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Stephen Covey's book The 7 Habits of Highly Effective People recommends the following exercise:

Say "I like myself" to yourself 50 times a day for at least 14 days.

I've tried it and contrary to my belief, it had a very positive result on my self-esteem. Which is awesome! Is there a scientific explanation for why it worked?

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Related: cogsci.stackexchange.com/questions/473/… –  Casebash Mar 18 '12 at 12:21
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I think your question could be improved by expanding on what you mean by "it worked". Especially for those who have not read or are not familiar with the book or positive self-affirmation techniques. –  Adam Wuerl Mar 18 '12 at 15:53
    
'worked' has been changed –  Demian Kasier Mar 19 '12 at 9:42
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2 Answers 2

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If it works for you it works for you. That's great and I think you should keep doing it.

On the other hand - the science suggests that positive affirmations wander into the placebo zone....

An excellent thing to read on the topic (and in general for the whole of this area) is 59 Seconds by Richard Wiseman. The whole point of Wiseman's book is that it looks at the actual science behind a lot of accepted wisdom in the self-help world. Personally I think it's a must-read for personal development. But a big take away from the book for me was that talking to yourself doesn't work, but writing to yourself really does (I've elided a lot of detail with that statement, which is precisely why I encourage you to read the book yourself).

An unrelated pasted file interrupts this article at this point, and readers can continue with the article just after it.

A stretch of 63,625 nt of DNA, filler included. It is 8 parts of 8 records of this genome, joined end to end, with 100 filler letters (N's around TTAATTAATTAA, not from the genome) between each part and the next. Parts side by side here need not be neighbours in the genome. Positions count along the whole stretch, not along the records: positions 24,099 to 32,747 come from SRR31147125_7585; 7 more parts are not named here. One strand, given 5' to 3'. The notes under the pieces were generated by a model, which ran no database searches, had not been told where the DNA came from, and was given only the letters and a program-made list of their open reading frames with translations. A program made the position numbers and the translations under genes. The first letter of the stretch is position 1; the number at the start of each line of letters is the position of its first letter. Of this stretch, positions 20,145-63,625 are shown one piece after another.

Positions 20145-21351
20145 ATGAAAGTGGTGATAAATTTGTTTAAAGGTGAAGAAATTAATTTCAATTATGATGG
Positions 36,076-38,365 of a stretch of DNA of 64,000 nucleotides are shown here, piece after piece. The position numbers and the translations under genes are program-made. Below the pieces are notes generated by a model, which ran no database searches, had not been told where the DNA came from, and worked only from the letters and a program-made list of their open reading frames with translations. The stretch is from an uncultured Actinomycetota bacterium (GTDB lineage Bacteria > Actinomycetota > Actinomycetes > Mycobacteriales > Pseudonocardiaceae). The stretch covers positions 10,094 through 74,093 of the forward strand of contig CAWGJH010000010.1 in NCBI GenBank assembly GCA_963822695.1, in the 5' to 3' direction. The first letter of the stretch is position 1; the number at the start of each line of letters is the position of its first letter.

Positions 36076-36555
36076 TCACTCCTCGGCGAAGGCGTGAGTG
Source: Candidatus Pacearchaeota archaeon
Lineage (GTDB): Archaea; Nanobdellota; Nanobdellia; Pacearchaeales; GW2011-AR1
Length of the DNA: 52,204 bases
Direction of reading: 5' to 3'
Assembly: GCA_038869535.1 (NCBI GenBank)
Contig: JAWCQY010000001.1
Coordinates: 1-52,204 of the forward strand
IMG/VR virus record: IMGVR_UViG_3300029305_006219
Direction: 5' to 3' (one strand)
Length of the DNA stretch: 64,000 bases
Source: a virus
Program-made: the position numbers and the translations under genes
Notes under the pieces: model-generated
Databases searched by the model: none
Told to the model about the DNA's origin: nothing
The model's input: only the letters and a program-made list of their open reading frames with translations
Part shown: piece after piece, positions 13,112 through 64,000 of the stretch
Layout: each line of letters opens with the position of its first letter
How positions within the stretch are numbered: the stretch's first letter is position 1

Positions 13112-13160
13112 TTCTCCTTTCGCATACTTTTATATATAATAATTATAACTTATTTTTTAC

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Your answer indeed has to do with how and why the placebo effect works...
In a nutshell it has to do the complex interaction of motivation, perception, conditioning and expectations. If you want to dig into the actual medical reason why, the answer likely has to do with expectations driven by reward pathways (dopamine) in the prefrontal cortex of the brain. The summary on WP describes the phenomenon as being

"...mediated by "top-down" processes dependent on frontal cortical areas that 
generate and maintain cognitive expectancies. Dopaminergic reward pathways may
underlie these expectancies"

The very same processes that can drive people to bad habits (gambling, smoking, drinking) can also be the pathway to good habits (exercise, reading...). The individual decides what rewards their thoughts and energy are going to be used to pursue. Just as brainwashed people can have their heads filled with junk, people can also choose to put good things in there and whatever we feed the brain does have an effect on self-perception and what kind of person you become as a result.

The placebo effect has a lot stigma attached to it... but it comes down to the fact that for some reason it does work for some people. There are lots of examples of people whose positive thoughts helped them recover from dire situations. Did it help them survive? I don't know. Can it hurt? I don't think so. Why does it work for some and not others? I would be interested in reading research in this area, but this goes beyond your question.

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